Ten things I learned from resigning from my 11-year job

It was 27 April 2017, and I took that train home from central London feeling overwhelmed but excited. The buck stopped with me now.

I had been working in Westminster when I decided I could not face another minute in the world of work. I needed time out but I was flat broke. It had become about survival, and the shocking realisation that there are fates worse than death. In the end, I had resigned with no financial buffer and a plan to freelance, temp and do anything else I could find to scratch a living.

Here is what I learned.

1. Never resign without savings as a safety net.

As soon as I quit my job I crashed, had virus after virus and no sick pay to fall back on. It was truly miserable.

2. Network, network, network.

Not just online, but in person. There is an entire world outside of the internet. Yes, I know this is hard to believe.

3. Invest in some merchandise.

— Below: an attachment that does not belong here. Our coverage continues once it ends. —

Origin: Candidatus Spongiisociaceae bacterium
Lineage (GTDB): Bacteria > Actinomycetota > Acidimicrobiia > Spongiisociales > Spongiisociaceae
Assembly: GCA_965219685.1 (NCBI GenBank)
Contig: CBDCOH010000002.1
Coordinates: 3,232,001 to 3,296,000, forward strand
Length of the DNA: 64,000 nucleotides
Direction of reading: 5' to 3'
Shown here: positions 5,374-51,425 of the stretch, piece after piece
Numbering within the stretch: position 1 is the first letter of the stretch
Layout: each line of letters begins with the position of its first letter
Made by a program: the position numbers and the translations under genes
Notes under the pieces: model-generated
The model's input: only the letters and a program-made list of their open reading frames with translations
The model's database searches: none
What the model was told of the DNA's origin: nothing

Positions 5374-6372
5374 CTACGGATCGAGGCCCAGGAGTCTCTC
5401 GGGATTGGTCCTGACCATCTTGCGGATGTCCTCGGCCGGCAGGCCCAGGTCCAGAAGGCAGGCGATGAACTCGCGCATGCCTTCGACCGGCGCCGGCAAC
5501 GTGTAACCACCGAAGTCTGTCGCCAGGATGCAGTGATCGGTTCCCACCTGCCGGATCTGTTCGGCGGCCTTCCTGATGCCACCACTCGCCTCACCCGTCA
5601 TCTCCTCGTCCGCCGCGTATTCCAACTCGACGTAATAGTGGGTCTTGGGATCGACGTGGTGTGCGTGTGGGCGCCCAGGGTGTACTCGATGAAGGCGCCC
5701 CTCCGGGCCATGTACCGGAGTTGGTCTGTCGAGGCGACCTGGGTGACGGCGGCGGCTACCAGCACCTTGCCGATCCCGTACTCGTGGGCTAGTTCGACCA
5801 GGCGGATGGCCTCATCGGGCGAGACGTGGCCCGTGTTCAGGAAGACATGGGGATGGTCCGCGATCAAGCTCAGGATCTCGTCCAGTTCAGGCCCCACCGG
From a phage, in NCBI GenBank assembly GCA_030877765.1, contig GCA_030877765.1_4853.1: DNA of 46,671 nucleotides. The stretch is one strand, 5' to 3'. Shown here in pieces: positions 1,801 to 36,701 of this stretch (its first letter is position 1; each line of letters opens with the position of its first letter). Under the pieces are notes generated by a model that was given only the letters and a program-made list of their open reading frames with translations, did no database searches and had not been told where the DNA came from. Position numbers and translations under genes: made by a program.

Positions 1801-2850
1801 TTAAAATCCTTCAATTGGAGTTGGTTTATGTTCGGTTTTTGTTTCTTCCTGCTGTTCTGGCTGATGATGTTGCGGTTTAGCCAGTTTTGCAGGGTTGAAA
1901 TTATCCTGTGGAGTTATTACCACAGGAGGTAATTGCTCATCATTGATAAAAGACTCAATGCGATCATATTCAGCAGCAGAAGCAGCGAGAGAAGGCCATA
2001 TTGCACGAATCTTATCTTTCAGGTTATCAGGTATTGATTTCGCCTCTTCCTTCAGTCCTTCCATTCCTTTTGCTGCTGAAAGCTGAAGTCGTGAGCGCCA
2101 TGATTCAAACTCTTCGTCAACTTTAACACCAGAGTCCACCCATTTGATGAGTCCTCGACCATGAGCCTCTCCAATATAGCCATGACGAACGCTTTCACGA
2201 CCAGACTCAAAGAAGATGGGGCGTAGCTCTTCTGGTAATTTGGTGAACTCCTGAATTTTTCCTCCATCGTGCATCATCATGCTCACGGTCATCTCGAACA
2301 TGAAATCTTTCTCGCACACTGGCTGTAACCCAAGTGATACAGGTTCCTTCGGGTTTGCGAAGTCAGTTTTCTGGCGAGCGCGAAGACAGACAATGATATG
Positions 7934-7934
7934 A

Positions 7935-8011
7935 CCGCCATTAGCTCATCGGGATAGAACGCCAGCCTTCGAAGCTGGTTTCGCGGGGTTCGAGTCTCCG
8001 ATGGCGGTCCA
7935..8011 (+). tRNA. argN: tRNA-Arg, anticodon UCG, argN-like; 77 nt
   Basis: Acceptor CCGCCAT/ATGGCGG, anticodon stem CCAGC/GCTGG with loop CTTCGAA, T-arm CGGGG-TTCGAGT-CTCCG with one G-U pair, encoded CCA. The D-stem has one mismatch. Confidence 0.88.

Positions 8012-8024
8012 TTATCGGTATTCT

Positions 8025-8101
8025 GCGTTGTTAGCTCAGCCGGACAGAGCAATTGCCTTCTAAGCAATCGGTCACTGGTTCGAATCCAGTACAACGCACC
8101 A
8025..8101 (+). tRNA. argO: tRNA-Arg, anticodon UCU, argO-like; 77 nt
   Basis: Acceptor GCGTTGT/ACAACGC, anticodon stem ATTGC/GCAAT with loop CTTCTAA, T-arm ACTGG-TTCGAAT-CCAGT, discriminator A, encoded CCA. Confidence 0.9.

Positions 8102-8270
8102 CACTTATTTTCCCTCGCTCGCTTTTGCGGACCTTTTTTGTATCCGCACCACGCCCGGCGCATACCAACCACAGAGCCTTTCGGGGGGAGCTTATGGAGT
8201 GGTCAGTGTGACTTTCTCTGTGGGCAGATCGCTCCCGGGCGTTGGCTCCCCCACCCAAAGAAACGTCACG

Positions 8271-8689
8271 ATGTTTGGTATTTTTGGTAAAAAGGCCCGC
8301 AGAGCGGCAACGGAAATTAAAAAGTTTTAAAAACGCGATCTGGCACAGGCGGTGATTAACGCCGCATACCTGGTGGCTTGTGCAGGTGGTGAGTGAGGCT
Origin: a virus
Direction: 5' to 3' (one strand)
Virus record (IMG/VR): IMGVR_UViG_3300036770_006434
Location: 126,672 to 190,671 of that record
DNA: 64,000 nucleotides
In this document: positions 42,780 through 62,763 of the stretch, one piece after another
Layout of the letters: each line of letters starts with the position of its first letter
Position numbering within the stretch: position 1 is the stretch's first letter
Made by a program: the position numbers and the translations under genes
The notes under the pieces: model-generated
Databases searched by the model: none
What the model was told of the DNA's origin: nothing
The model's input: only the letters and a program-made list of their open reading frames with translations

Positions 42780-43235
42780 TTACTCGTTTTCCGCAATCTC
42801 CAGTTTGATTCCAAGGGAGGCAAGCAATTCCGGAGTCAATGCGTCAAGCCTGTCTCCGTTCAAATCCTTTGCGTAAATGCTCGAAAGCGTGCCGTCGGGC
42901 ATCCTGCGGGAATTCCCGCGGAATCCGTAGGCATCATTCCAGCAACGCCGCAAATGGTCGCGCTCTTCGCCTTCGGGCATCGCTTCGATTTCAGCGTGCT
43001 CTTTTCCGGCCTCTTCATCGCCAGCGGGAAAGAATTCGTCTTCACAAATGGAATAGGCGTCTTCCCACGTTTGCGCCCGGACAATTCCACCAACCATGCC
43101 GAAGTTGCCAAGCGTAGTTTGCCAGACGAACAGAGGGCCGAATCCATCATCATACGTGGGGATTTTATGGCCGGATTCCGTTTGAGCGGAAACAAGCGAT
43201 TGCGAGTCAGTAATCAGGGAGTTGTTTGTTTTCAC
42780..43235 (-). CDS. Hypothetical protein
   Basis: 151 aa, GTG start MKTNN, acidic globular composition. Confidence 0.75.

I left postcards with eye catching images and slogans everywhere for my business, Virtual Confidential. People loved them.

4. Taking on salaried work is not failure.

I returned to salaried work on 20 August 2018. Prior to that I temped for three months. I realised I needed a stable income after my time out and there was no shame in that.

5. Keep regular hours.

I was good once I started, but the problem was starting in the first place. Be strict about your start time, lunchbreak and end time.

6. Keep a log of your earnings.

It can be motivating and demotivating but keep a record and every now and then, calculate your hourly rate. You need to know what you are actually earning.

7. Outsource.

I had a video done for my website wildbareraw.com on Fiverr. I loved it. It was short but made it look professional and showed investment.

8. Never stop learning.

While self employed I took on Counselling Training. I continued to keep my brain active and my knowledge fresh.

9. Never stop listening.

When customers give you feedback, listen. When potential customers message you, reply as quickly as you can with a considered response. Pay attention.

10. Take care of yourself.

Sleep, rest, relax and eat well. Being self-employed is hard. Job hunting is stressful. Any life change will take its toll and all stress will affect you, good and bad. Take time for yourself.

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